A California missionary and a French journalist abducted in Niger by an Islamic terrorist group have been released.
Aid worker Jeff Woodke, who is from McKinleyville, California, was kidnapped on Oct. 14, 2016, from his home in the northern city of Abalak, Niger.
Woodke, 62, and French journalist Olivier Dubois, whose release was also announced Monday, were spotted together at Diori Hamani International Airport in Niamey, the capital of Niger.
“I’m gratified & relieved to see the release of U.S. hostage Jeff Woodke after over 6 years in captivity. The U.S. thanks Niger for its help in bringing him home to all who miss & love him. I thank so many across our government who’ve worked tirelessly toward securing his freedom,” Sullivan tweeted.
Jeffery Woodke is now being offered support and transport. He was released outside of Niger in the Mali-Burkina Faso area, the official said.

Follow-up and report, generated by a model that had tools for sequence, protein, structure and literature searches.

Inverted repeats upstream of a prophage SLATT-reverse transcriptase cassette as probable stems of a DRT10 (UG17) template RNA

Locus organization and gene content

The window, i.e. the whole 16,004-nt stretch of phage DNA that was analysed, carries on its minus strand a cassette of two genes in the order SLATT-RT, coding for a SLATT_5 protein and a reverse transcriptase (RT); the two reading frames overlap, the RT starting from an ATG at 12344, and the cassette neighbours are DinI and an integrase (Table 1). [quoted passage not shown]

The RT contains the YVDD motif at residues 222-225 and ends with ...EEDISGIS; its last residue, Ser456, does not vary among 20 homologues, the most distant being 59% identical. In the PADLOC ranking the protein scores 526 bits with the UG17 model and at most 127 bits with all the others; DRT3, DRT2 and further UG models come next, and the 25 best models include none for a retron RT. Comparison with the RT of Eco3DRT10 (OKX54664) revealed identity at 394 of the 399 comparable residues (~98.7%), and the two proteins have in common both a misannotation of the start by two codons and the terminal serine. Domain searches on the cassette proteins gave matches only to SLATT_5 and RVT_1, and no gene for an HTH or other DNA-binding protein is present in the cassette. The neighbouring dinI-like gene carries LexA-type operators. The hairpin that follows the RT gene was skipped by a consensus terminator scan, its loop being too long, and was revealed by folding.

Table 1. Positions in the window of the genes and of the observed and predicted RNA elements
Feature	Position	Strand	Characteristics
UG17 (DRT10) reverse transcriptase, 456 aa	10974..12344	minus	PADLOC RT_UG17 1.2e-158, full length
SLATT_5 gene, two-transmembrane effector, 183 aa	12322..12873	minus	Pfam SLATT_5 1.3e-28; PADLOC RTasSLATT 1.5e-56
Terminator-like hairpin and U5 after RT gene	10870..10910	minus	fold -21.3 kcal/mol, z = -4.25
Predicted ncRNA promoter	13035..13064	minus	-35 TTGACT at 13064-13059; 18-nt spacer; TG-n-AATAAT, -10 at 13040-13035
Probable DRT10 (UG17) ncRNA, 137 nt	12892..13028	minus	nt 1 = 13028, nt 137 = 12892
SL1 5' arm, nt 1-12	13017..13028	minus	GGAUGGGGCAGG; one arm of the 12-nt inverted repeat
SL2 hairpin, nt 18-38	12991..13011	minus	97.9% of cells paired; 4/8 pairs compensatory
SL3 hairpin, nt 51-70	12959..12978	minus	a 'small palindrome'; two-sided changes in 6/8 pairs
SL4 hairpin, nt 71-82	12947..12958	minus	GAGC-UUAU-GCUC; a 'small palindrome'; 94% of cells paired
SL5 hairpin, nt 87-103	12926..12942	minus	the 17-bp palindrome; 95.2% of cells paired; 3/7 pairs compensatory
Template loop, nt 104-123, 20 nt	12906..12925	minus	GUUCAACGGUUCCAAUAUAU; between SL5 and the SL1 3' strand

Details about what led to the releases remain unknown. However, one government official told reporters that no ransom was paid and that the releases came as a result of years of advocacy, according to USA Today.
Woodke was abducted when armed militants barged into his home in Abalak, murdered his guards and kidnapped him. Woodke had traveled back and forth to Niger for roughly three decades. His work in the West African country included the construction of wells and schools in the region.
He was also an instructor at Redwood Coast School of Missions, which is operated by the Arcata First Baptist Church.
Secretary of State Antony Blinken thanked Roger Carstens, the U.S. special presidential envoy for hostage affairs, and other department officials whose yearslong work on Woodke’s plight finally came “to fruition today.”
Woodke, who had been kidnapped in October 2016, was released outside of Niger, “in the Mali-Burkina” Faso area, according to a senior Biden administration official.
“Let me just start with some very good news this morning, and that is the release of Jeffery Woodke after more than six years in captivity,” Secretary of State Antony Blinken said Monday. “I want to thank the government of Niger, where I was just last week, for its important assistance in bringing him home.”
“I have no higher priority or focus than bringing home any unjustly detained American, wherever that is in the world,” he added.